Émeric Lhuisset in conversation

Hundred portraits of Maydan, series of 100 portraits of Maydan movement volunteers, Kiev (Ukraine), February 2014

Hundred portraits of Maydan, series of 100 portraits of Maydan movement volunteers, Kiev (Ukraine), February 2014

CSF’s Camilla Palestra met artist Émeric Lhuisset to talk about his work and the intersection between art and geopolitical topics.

Camilla: We first got in touch when you recently joined the Antarctica World Passport (AWP) community. AWP is an ongoing participatory project by Lucy + Jorge Orta which brings together thousands of citizens who commit to support freedom of movement, to foster social justice, to protect the environment and to defend peace in the world. I am curious to know how you came across this project and which expectations and responsibilities you feel since you joined the community.
Émeric: I like the Antarctica project because I like this idea of world passport, this idea that everybody has the same passport and is free to move everywhere in the world with no visa, no border. We are all world citizens! Maybe it’s a bit utopic but I like this kind of utopia…

C: You are often introduced as a war artist. Are you confortable with this definition?
E: I don’t consider myself as a war artist, I work most of the time about geopolitical topics and of course when you talk of geopolitics, conflicts are very important.

But I don’t work only about war.

C: As an artist and expert in geopolitics, you have an extraordinary experience of operating within conflict areas. Considering the alleged recent escalation of global terrorism, and the (consequent) crescendo of the debate in Europe around freedom, borders and movement of people, how do you see artistic projects making any socio-political impact on this debate?
E: I don’t really think that there is an escalation of terrorism. Terrorists have existed in Europe for a long time now. In the UK before with IRA, in Spain with ETA, in France with the Algerian AIG, in Italy with the Red Brigades, etc…

I think most of the debates about borders and the control of movement of people in Europe are political strategy from the extreme right wing or by the politicians who want to absorb extreme right’s votes. Building a wall has never been a solution. It has nothing but develop more fear of the other, the incomprehension, isolation and radicalisation by ignorance.

It’s very difficult to see the impact of artistic projects because art influences the way people think but it doesn’t change directly the actual situation. But I think that, as artists, we really need to try to give another voice, another way of thinking, of showing…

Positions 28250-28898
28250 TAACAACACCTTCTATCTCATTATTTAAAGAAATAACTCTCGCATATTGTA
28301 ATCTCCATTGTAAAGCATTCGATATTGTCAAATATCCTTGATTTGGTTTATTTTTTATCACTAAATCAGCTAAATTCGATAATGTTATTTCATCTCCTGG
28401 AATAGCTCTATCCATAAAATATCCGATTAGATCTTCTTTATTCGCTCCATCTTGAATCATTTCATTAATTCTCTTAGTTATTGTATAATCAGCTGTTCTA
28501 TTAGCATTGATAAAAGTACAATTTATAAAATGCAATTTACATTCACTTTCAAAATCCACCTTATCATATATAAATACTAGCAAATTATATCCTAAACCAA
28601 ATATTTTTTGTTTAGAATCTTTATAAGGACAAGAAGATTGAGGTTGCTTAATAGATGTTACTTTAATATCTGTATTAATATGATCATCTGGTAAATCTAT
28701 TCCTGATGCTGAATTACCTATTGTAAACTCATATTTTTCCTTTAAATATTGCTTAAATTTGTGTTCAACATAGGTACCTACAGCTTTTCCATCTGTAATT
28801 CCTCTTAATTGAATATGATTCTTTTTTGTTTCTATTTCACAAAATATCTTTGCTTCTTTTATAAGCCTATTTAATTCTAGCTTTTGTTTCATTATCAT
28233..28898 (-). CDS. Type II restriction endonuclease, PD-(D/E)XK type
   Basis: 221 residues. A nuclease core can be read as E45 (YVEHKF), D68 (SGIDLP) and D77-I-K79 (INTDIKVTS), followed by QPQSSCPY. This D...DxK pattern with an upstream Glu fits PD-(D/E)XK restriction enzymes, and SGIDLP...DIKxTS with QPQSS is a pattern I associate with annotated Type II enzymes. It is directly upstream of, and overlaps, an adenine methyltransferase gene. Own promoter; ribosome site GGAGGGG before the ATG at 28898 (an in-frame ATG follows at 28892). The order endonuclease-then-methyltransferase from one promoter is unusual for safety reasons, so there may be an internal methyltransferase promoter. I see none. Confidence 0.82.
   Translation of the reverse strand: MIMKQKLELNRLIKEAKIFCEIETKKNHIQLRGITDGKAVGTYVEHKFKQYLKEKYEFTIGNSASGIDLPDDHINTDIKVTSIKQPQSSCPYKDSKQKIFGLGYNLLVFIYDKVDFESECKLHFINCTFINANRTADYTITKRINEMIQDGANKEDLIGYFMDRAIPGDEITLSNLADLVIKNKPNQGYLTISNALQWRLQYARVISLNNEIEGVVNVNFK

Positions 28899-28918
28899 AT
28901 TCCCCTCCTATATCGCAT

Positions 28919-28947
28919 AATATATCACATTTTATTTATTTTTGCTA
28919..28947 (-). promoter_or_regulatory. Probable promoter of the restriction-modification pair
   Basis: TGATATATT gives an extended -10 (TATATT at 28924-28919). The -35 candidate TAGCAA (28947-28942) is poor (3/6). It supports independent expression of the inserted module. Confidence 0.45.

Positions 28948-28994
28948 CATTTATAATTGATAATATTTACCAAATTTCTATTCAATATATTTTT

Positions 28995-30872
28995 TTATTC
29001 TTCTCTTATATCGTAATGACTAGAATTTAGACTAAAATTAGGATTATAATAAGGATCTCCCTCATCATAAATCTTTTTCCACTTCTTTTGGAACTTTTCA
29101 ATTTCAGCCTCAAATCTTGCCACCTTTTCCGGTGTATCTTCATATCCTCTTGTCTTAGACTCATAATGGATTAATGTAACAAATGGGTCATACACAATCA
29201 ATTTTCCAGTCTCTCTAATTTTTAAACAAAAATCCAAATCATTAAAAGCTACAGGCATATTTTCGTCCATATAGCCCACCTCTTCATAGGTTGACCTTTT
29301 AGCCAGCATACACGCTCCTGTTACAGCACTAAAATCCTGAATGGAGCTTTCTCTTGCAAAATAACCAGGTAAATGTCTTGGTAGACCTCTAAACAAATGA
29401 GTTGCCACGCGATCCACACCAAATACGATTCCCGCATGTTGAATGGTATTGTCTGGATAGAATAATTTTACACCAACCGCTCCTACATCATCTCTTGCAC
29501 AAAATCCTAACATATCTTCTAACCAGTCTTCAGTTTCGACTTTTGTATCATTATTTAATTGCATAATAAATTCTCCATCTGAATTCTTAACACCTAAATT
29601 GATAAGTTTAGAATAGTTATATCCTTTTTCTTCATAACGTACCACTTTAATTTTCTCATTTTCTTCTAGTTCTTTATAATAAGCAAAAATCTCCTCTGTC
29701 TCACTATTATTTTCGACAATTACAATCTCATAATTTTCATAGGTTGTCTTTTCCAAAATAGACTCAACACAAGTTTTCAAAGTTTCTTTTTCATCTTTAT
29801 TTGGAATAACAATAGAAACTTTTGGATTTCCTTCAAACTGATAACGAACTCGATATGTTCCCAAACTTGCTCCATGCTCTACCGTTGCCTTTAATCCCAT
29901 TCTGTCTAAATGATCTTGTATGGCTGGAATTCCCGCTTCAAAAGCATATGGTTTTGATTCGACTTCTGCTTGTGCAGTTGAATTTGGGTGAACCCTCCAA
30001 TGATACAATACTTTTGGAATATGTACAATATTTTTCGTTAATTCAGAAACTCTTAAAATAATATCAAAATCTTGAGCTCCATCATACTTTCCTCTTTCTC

C: Your work I heard the first ring of my death / Homage to Sardasht Osman (2011) was recently on show at Tate Modern, London as part of the exhibition Conflict, Time, Photography. Can you tell me about this project?
E: The first time I went to Iraq, I stayed at the campus of Salahadin University. Few days after my arrival, Sardasht, who was studying at Salahadin University to that time, was kidnapped just in front of the campus. I was the only Western person on the campus, many friends of Sardasht’s came to see me and showed articles he had written, such as his latest production « I heard the first ring of my death”, that announced his murder.

A couple of days later, Sardasht’s body was found with a shot in his head.

I was particularly moved by his last article where he explains that he refuses to flee, that he is ready to die and that he hopes that his death will help defending his ideas. I have talked a lot about it with his friends who came to see me after his kidnapping and I have decided to pay tribute to him. His friends presented me Sardasht’s family and thanks to his elder brother’s help, I could realise the project.

When I flew back to France, I took a photograph of Sardasht with me. I scanned it, I produced a negative and printed in many A3 formats on salted paper that I had not fixed. For his first death anniversary, I went back to Iraq and very early in the morning, when it as still dark, I stuck his portrait in the streets. When people came out of their houses, they could see Sardasht’s face. When the sun started rising, the portrait would progressively disappear and transform into a black rectangle.

C: What are you working on at the moment?
E: Actually I am working a lot on the diffusion of my last project that I produced in Kiev (Ukraine) during the revolution and after in the Donbass last October.

Émeric Lhuisset (1983, FR) holds degrees in both visual arts (École des Beaux-Arts, Paris) and geopolitics (Université Panthéon-Sorbonne / ENS Ulm). As a photographer Lhuisset combines geopolitics with art by raising questions about the representation of conflicts. His projects have taken him to Syria, Afghanistan, Colombia and Iraq. His work has been featured at the Running Horse Contemporary Art Space in Beirut (LB), FRAC Alsace (FR) and Tate Modern (UK) amongst others. Lhuisset currently teaches at the Institute of Political Studies of Paris (Sciences Po).